One of the differences between obtaining a mortgage loan for 1099 employees and regular employes is the amount of documentation required. Namely, 1099 employees will usually require additional income and tax documentation to prove and reassure lenders of their financial stability and reliability.

    Plus, 1099 employees can benefit from including additional voluntary documentation [link to tips section] to improve their chances of approval, as well as potentially increase their debt limit. This could include verification letters from a licensed CPA confirming you’re self-employed; an up-to-date business plan in the case of independent contractors; or any off-season unemployment benefits for seasonal workers.

    The primary mandatory additional documents for securing a mortgage loan for 1099 employees are:

    Lenders will usually require two years of personal, as well as business tax returns at both the state and federal level. Make sure to include all forms and schedules (such as Schedule C or Schedule E).

    Profit and loss statements provide a snapshot of your business’ financial health and viability. Profit and loss statements show your income and expenses and provide lenders with an overview of the stability and profitability of your business.

    Balance sheets allow lenders to assess your overall financial state — which, in turn, allows them to determine your current and future ability to make mortgage payments regularly and on schedule. Note that balance sheets have to list all assets, equity and liabilities.

    A minimum of three to six months of bank statements will be required by lenders, but 1099 employees looking to increase their approval chances may submit bank statements going even further back (especially if they prove a sustained increase in income).

    Unlike regular W-2 employees, self-employed workers also have to submit business bank statements in addition to their personal bank statements. Moreover, it’s essential that all information is accurate and up to date as these documents verify the consistency and regularity of your income through your income deposits.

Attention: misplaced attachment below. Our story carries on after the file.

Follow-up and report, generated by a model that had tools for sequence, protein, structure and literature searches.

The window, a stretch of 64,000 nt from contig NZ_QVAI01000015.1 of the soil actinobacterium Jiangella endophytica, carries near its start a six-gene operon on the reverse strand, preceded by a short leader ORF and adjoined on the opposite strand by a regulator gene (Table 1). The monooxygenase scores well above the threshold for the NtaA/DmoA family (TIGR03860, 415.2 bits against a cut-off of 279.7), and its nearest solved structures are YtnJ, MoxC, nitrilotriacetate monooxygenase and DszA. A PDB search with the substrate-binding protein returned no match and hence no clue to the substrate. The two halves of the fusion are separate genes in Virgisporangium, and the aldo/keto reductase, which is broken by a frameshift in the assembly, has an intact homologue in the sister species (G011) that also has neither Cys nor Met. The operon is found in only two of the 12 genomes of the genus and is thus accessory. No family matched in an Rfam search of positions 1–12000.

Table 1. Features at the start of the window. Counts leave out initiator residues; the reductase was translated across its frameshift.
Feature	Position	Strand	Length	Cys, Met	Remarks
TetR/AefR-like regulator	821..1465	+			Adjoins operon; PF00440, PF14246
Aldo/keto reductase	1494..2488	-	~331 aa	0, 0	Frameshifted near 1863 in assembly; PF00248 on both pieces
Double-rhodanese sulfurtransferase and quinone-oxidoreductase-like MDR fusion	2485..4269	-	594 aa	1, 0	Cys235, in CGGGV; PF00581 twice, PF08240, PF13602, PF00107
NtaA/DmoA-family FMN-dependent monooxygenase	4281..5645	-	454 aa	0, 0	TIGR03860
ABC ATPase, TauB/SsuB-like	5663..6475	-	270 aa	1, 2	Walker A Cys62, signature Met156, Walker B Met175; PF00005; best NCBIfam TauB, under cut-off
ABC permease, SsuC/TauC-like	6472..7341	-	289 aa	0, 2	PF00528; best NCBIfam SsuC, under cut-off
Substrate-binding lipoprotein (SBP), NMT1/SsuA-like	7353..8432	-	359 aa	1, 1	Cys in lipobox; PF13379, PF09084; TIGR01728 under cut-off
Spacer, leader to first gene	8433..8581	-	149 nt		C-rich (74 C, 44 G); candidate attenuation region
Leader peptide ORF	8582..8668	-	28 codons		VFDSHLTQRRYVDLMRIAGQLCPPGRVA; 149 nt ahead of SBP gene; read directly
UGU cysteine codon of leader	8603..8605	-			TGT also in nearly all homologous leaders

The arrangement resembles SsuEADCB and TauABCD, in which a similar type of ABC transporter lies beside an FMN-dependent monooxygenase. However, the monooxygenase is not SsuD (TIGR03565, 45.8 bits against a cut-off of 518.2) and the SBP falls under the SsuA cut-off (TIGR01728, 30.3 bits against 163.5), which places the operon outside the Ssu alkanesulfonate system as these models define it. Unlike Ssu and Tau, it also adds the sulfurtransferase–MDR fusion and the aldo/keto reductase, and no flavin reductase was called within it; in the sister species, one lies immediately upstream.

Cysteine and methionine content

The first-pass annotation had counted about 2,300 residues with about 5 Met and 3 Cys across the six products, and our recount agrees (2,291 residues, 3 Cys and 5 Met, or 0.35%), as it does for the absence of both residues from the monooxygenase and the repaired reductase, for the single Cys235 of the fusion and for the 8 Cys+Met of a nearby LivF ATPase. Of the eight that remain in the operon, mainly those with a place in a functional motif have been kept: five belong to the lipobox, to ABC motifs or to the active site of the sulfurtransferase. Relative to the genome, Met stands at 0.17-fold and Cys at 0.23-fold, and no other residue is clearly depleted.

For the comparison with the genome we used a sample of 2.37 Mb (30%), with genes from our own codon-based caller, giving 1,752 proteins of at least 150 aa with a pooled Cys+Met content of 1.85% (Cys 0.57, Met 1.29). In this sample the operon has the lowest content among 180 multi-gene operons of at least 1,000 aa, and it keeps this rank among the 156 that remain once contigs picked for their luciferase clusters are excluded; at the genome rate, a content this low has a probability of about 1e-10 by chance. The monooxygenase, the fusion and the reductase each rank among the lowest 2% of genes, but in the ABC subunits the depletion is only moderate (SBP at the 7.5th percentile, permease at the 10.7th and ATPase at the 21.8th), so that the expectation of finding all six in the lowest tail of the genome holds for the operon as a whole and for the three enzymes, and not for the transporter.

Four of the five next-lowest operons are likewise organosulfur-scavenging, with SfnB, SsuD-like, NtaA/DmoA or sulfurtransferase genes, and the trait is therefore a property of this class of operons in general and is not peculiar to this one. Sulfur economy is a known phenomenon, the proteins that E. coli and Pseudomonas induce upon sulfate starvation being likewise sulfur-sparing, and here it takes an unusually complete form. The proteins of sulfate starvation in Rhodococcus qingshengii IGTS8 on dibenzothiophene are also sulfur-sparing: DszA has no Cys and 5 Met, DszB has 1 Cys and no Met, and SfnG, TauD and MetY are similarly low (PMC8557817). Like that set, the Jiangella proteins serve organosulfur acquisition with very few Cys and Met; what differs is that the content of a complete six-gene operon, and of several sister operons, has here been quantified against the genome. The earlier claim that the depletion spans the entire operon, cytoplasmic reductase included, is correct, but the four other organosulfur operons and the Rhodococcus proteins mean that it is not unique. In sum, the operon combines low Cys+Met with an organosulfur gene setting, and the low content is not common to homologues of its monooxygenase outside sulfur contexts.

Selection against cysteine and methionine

Because these documents also show the full extent of your expenses, 1099 employees planning to apply for a home loan should carefully consider their expense underwriting totals and patterns. Specifically, a more frugal expensing approach may improve your overall debt-to-income ratio and thus also improve your chances of approval — and, potentially, your overall loan amount.

    It’s also crucial that self-employed individuals planning to apply for a 1099 mortgage loan list their personal and business expenses separately. Ideally, this is addressed by maintaining separate accounts and charging all expenses accordingly.

    The health and strength of your credit score can make or break your loan application. So, make sure that your credit score is accurate and as healthy as possible before you submit your application or even before you apply for pre-qualification.

    Lenders will request credit reports (or require the applicant to submit them) from all three major credit bureaus (Equifax, Experian and TransUnion) to review your credit score and credit history. Generally, a minimum credit score of 620 will be required, but it’s not uncommon for certain lenders or certain loan types to require a higher credit score.

    In the meantime, resolve any potential issues before applying; establish a pattern of timely bill payments; cut back on credit usage; and pay off as much outstanding debt as you can (such as credit card debt). Most important, do not take on any loans or open any new lines of credit before or during your application.

    A valid, government-issued identification document — usually a passport or driver’s license — is also required. In some cases, lenders may require that identification documents be valid for several additional months from the date of application.

    Self-employed individuals who operate through a registered business entity must provide additional mandatory business documents, such as:

    ♦ The articles of incorporation or the documents showing the creation of a partnership or a LLC (limited liability corporation)

    ♦ Copy of your business license

    ♦ Proof of business insurance

    ♦ State and federal permits (if applicable)

    Seasonal operators or gig workers like rideshare drivers, do not need to provide this additional documentation.

    Lenders will often require proof of additional finances and assets that can be used to cover regular mortgage payments or as collateral in the event that the 1099 employee’s main source of income ends. Most often, lenders will be interested in savings accounts and investment accounts, but they may also request or consider additional proof of assets, such as real estate holdings or rental income.